|Sunnyvale Little League Accident Reporting
An "Incident Report" form should be
completed and provided to the League Safety Officer for all occurrences that
meet the criteria described below. Lesser incidents should be logged in the
First Aid Kit and summarized monthly to the Safety Officer.
The form is included with the Sunnyvale
LL Safety Manual and can be downloaded here: Sunnyvale LL Incident Report Form.
The Incident Report
form must be completed and can be
submitted to the League Safety Officer, Steve
Gross, for all occurrences that meet the criteria described below. You are
encouraged to report all other incidents informally by
emailing a summary of the incidents to the Safety
In our effort to prevent accidents and
injuries to all involved in Little League, we must deal with the unpredictable
actions of many small athletes. One of the most widely accepted ways to reduce
the occurrences of unsafe acts is to document the reasons behind such acts and
take suitable action to prevent them from happening again. Since we cannot
eliminate all mishaps, we must use them as tools to help reduce the number of
similar or related accidents. Also, safety consciousness allows us to determine
the root causes of near misses', so that action can be taken to prevent
occurrences of injury-producing accidents in the future.
Which Accidents to Analyze
Good judgment must be used
when deciding which accidents to analyze. The severity of an injury should not
be the only basis for deciding to report/investigate an accident. The
prevention of a similar, more severe accident should be our main reason for
exploring causes and taking suitable corrective action.
Examples of Accidents Requiring Thorough Study
Other Uses for Accident
- A collision that occurs when two players go after
the same fly ball, even though no one is hurt, has the possibility of resulting
in a serious injury. Questioning the players involved may reveal that they had
forgotten priority assignments in the "heat of the battle". A corrective
measure might include re-emphasizing ball priority drills in the next practice.
A completed incident report passed on to the Safety Officer will serve to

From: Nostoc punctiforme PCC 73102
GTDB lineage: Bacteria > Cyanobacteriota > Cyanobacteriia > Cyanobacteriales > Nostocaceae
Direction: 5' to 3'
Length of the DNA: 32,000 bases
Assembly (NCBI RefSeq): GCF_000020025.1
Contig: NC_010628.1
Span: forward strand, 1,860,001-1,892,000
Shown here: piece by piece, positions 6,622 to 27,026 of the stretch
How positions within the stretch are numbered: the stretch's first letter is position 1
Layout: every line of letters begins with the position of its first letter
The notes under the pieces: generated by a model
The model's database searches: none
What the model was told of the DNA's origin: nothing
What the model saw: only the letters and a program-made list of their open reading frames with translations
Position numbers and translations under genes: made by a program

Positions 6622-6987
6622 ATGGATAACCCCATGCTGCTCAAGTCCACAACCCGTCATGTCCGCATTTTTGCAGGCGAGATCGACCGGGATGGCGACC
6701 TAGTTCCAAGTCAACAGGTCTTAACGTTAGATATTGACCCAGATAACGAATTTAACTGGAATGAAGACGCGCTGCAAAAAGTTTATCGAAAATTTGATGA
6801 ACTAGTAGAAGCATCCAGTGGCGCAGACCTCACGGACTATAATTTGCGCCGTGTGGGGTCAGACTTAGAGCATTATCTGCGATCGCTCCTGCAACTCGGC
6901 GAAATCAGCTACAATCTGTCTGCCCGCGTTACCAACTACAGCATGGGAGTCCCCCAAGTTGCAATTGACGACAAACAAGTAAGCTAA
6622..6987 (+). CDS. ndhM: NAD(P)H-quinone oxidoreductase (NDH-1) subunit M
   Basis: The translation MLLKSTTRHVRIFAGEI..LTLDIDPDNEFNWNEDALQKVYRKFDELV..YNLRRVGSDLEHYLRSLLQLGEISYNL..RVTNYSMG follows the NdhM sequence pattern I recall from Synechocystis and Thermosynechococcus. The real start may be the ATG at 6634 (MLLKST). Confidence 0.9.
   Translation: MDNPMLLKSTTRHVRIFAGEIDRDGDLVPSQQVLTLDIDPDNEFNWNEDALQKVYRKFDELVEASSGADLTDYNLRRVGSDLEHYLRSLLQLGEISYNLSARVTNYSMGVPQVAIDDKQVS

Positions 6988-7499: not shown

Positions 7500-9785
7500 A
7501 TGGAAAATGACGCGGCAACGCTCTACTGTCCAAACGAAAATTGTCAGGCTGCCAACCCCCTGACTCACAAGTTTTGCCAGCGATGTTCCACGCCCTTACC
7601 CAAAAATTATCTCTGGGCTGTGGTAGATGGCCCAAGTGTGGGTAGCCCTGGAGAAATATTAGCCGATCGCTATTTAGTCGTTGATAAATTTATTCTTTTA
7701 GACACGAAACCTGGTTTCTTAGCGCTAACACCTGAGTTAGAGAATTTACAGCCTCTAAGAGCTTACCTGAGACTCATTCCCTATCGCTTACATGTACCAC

highlight this area as one needing additional emphasis from managers and
- If a player should trip and fall over a bat left
on the ground and suffer a small abrasion, the cause and correction may be
obvious. A report, however, would serve as a reminder, not only to this team,
but to others in the league that equipment left on the field can cause falls,
some of which can result in fractures.
- Face, mouth or teeth injuries caused by improper
use of a catcher's mask, or the failure to wear a catcher's mask, should
obviously be reported and the causes investigated.
- A turned ankle caused by a hole in the outfield
should be reported so that the league Facilities Director can contact Parks and
Recreation so that they are aware of the condition and can make appropriate
repairs or corrections.
The need for corrective measures, of course, is most
evident when an injury is severe enough to require professional medical
attention or services. In addition to the need for immediate preventive action,
it is very important to have accurate information to complete an insurance
As in any organized endeavor, communications among teams
within our league, and between leagues within our district, is important. This
safety program can be an effective tool in accident prevention if each adult
with safety responsibility is given a briefing on serious accidents, unusual
hazards, and corrective action taken to remedy them. In order to accomplish
this, the League and District Safety Officers must be kept informed of all
accident cases. Your assistance in achieving this is greatly appreciated.
Even after corrective action has been taken, responsible adults
should continue to monitor to ensure that unsafe habits are not resumed. Make
sure that you are worthy of example. We continually advise players to keep
their eyes on the ball. Let's do the same when it comes to safety